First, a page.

Looking Through the Keyhole: Undercover Drugs Policing in Communities

police n pol pic1I had recently finished my last undercover job. It was a dark, cold winter’s night. I was in uniform as I walked around an area of Burnley. I saw some members of a gang called the Bengali boys. Four of them were sneaking around. I followed them making sure to keep within the relative cloaked safety of the shadows – staying out of sight. After a while I decided to approach them. Most of them were known to me and I didn’t expect any trouble.

As I got within a meter of them one of them pulled a gun out of his pocket and pointed it in my face. I kept his attention by talking to him and managed to unclip my baton. It was running through my head what I was going to do… I lifted my hands as if in surrender. Then, I knocked his arm away from me,  grabbing his wrist as I simultaneously pulled. At the same time I bent his wrist, locked his arm, and then took him to the floor. I shouted at the others not to come near me or they would get hurt. I don’t know why, but they didn’t move – they just stood and stared.

It turned out the gun was a toy.

ee421f10298a109ec4a29d0f03502720df2e256dThese were low-level gang members of a network that allegedly was involved in everything from drug dealing, fraud, and terrorism. This particular young person did this out for the sake of bravado – to impress his peers and make a name for himself. His aim? To try and move up in the organisation, to get involved in drug deals, and to make some money. Drugs were, and are, a motivating factor for these young men – seen as a comparatively easy way out of poverty.

Owing to the interplay and history of rival gangs, the police had changed their tactics against drug dealers, making it more difficult for low-level dealers to become established. So when the Bengali boys came along they had to increase the level of intimidation, violence and fear within the community to gain control. These are the situations which we helped create within these small communities.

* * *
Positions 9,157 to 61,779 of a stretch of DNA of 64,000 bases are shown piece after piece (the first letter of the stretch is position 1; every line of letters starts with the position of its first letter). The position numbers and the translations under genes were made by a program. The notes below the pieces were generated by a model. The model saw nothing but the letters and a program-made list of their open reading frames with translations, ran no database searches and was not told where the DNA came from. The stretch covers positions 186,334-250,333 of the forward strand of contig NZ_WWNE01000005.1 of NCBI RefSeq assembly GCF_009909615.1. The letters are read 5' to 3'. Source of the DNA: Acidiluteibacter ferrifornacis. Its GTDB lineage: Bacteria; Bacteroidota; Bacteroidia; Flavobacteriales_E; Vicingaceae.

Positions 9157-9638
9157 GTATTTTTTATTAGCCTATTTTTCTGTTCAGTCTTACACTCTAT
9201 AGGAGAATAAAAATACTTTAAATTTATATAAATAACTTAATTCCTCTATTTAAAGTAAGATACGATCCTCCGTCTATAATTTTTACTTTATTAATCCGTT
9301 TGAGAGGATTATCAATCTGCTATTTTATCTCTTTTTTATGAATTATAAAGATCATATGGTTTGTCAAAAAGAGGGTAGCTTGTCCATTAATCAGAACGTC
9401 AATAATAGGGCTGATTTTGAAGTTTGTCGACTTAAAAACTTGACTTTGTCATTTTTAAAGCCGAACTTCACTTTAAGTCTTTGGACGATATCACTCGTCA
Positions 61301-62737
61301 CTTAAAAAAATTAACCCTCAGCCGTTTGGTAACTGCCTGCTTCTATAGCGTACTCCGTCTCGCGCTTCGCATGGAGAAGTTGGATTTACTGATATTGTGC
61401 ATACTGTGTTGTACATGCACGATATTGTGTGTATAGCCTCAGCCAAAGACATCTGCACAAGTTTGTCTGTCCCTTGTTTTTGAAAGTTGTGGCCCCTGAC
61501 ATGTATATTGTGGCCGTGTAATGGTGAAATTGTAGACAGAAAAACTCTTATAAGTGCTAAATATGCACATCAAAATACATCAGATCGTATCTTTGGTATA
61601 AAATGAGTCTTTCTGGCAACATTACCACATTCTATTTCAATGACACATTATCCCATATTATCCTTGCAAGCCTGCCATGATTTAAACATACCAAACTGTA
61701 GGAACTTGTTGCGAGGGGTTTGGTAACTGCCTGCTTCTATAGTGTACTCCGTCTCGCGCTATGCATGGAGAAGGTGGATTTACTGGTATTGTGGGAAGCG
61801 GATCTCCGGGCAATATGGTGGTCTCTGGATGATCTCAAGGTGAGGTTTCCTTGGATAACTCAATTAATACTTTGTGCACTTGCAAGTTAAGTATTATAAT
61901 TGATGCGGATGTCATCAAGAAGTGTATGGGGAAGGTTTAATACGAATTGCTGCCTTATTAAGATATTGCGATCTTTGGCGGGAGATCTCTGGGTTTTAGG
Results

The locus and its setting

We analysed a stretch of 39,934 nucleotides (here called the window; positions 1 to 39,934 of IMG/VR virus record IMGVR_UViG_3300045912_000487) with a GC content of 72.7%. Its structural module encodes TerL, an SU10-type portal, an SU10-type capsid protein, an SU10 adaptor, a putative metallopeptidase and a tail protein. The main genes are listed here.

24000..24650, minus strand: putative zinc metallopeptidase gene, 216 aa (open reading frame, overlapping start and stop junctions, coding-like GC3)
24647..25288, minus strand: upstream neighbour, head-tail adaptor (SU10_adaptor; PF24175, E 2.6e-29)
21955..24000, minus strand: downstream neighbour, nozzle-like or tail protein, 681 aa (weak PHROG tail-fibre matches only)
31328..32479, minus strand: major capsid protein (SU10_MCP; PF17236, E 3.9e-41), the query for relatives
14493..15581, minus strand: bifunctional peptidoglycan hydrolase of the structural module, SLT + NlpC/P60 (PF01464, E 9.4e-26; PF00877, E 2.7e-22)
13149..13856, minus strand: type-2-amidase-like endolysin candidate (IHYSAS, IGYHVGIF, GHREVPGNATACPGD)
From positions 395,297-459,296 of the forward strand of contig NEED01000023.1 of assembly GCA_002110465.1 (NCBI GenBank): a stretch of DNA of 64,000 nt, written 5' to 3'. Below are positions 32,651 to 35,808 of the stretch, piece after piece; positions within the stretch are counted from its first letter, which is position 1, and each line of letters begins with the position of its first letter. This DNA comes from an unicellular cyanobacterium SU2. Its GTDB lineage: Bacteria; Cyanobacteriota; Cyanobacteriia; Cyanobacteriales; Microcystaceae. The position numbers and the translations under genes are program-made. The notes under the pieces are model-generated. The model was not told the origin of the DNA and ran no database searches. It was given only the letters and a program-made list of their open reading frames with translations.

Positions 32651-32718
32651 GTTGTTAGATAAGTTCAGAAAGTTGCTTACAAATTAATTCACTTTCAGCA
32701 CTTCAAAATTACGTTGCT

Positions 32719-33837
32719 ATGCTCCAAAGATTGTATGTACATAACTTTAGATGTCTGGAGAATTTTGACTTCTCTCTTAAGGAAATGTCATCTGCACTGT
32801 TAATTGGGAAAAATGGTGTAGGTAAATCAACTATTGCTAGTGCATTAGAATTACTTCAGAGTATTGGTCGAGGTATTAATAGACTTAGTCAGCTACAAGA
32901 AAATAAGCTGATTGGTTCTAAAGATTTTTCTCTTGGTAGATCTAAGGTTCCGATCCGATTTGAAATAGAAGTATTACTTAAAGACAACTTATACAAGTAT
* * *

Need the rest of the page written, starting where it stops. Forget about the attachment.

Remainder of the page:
There are other issues in policing these communities, but the drugs policy which was (and is) being implemented is firmly helping create a community which lives in fear. These young men did this to me simply to be more involved in this – what better way than to say, “We pulled a gun on a cop”. If they would do that to a police officer, then what would they do to an ordinary member of the public?

The wider community were terrorised and living in fear – drugs ruled the roost. We need to take the opportunity away from these young men – take the incentive away from selling drugs. If they don’t have this precious commodity of drugs then they wouldn’t need to control their community in the manner in which they did. Later, this gang would cause me to leave the police.


People ask if I am bitter? The answer is no – but I am disappointed that we have the resources to start addressing problems like these, but due to existing policies, we can’t. I met some amazing people in that community, both drug users and non drug users alike. It can be frustrating, but I see that through the work of LEAP UK there is hope. We can make a change; we can help these people, we can come to the aid of these affected communities.

We must come together, police and communities, and let the government know that they are making mistakes in their drug strategy – they have the power to change legislation, to save lives – and save communities. This is why I support LEAP UK – and this is why I am now a member of a global network of law enforcement who campaign to reform our drug laws.

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